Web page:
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Medical device company faces $5M+ lawsuit

Written by Dylan Segelbaum, York Daily Record | Feb 17, 2016 3:30 PM
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Photo by Wikimedia Commons

LivaNova, formerly known as Sorin Group, made the machines that have been linked to a series of bacterial infections at York Hospital.

Two men from York County have filed a more than $5 million federal lawsuit against the manufacturer of a medical device that's been linked to a series of bacterial infections at York Hospital.

Edward Baker, of Dallastown, and Jack Miller, of York, allege they were exposed to nontuberculous mycobacteria after undergoing heart surgery last March at York Hospital. Though commonly found in nature, the bacteria can cause infections in people who are sick or have weak immune systems. The lawsuit was filed on Friday in the U.S. District Court for the Middle District of Pennsylvania.

In the 21-page lawsuit, they allege that LivaNova, formerly known as Sorin Group, knew or should have known that its machine causes bacteria to colonize, and thus poses "a significant risk of bodily injury or death." The men are also asking for a declaration stating that the device -- the Sorin 3T Heater-Cooler System -- is defective and unsafe.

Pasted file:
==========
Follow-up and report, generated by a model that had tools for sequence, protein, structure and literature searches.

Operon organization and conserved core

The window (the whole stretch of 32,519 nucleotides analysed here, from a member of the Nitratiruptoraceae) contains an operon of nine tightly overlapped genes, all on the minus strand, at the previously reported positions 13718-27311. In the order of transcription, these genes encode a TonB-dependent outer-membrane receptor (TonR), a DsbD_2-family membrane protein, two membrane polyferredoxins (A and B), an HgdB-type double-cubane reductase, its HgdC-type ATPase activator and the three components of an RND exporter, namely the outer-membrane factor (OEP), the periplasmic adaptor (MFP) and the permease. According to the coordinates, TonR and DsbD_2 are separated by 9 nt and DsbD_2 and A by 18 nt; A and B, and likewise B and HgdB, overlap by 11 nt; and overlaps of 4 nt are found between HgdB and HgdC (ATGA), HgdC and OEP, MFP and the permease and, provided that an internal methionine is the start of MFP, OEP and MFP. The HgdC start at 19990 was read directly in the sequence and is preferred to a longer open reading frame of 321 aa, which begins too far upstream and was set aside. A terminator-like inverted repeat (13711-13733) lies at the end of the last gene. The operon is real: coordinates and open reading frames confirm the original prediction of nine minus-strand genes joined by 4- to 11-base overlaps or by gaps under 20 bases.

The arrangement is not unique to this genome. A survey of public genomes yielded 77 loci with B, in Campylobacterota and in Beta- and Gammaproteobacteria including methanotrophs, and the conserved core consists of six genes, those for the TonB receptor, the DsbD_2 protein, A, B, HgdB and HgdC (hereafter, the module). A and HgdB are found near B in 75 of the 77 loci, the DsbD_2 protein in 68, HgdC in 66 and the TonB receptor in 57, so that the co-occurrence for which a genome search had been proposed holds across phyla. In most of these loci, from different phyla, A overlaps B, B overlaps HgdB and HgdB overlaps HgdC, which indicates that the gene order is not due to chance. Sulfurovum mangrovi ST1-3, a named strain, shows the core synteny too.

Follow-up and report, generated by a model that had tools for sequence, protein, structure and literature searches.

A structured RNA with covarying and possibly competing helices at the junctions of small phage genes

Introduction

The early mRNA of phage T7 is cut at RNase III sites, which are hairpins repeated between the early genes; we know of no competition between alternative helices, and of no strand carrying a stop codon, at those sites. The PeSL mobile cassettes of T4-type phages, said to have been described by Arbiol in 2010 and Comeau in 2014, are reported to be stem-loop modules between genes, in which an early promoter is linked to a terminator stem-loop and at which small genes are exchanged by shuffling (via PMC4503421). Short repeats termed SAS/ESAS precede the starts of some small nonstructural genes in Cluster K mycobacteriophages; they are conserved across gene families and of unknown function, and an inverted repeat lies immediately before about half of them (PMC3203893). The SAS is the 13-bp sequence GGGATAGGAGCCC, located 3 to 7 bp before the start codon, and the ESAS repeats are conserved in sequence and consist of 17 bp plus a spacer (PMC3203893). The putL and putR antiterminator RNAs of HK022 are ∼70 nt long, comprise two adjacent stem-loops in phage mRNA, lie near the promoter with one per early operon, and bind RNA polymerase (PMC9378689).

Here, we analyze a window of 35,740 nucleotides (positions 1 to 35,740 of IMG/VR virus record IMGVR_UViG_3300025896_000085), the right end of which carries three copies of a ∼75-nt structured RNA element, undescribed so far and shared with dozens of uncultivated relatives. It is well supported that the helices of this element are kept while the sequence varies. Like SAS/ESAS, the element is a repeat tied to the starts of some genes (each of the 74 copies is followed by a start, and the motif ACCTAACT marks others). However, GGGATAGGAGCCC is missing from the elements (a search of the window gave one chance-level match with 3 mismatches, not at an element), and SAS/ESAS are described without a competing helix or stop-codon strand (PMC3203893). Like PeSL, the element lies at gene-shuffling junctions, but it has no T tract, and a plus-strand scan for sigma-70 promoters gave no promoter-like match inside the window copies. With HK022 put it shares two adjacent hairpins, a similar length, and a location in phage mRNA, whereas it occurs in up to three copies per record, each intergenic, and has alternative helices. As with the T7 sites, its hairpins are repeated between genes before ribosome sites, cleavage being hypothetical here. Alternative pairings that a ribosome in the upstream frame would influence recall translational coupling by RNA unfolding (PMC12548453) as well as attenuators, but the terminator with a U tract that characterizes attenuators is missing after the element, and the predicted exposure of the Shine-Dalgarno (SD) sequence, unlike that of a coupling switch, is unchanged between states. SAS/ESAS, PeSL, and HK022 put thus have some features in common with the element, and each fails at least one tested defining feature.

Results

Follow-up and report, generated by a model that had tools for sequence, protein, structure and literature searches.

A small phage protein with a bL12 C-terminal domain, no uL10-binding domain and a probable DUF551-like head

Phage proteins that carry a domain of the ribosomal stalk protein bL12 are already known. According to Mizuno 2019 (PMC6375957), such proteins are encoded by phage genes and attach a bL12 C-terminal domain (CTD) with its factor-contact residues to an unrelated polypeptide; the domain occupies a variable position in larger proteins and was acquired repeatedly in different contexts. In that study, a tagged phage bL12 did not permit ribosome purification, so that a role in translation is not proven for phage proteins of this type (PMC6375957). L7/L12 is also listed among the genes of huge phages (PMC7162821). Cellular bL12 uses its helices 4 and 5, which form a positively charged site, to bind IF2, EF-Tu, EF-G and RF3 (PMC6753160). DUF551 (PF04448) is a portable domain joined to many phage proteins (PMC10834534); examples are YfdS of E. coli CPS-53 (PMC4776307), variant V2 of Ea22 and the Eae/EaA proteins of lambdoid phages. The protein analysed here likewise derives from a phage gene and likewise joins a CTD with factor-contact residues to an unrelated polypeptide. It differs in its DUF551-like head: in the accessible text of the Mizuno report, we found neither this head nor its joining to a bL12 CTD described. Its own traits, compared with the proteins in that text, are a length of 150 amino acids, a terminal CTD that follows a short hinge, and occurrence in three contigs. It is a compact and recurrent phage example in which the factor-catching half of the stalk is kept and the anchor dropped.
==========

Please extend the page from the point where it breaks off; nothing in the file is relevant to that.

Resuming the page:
Neither Baker nor Miller could immediately be reached late Tuesday. Sol Weiss and William Audet, the two attorneys who signed the complaint, also could not be reached.

Court records do not list any lawyers who are representing LivaNova.

In October, York Hospital announced it was sending out letters to about 1,300 people who had open-heart surgery between Oct. 1, 2011, and July 24, 2015, letting them know that they could have been exposed to the bacteria. The issue, the hospital said, was likely due to the device -- which heats and cools the blood during surgery.

There have now been 10 total confirmed cases of the infections at York Hospital, WellSpan Health spokesman Brett Marcy said on Tuesday. Four of those patients are still alive, he said, and one is no longer showing any signs of the infection.

Just more than three weeks later, Penn State Hershey Medical Center said it was notifying approximately 2,300 patients who had open-heart surgery between Nov. 5, 2011, and Nov. 5, 2015, about the same issue.

Three of those patients were infected -- but the center said at the time there was no evidence that they were related to the machines. Two later died, though their deaths had not been linked to the problem.

Scott Gilbert, a spokesman for Hershey Medical Center, said in a text message that those numbers haven't changed.

The complaint in the case looks to open the lawsuit up to any of the approximately 3,600 people who had open-heart surgery during those times at the two hospitals.

Contact Dylan Segelbaum at 771-2102.


This article is part of a content-sharing partnership between York Daily Recordand WITF. A note of disclosure: WellSpan underwrites WITF's Transforming Health website. 

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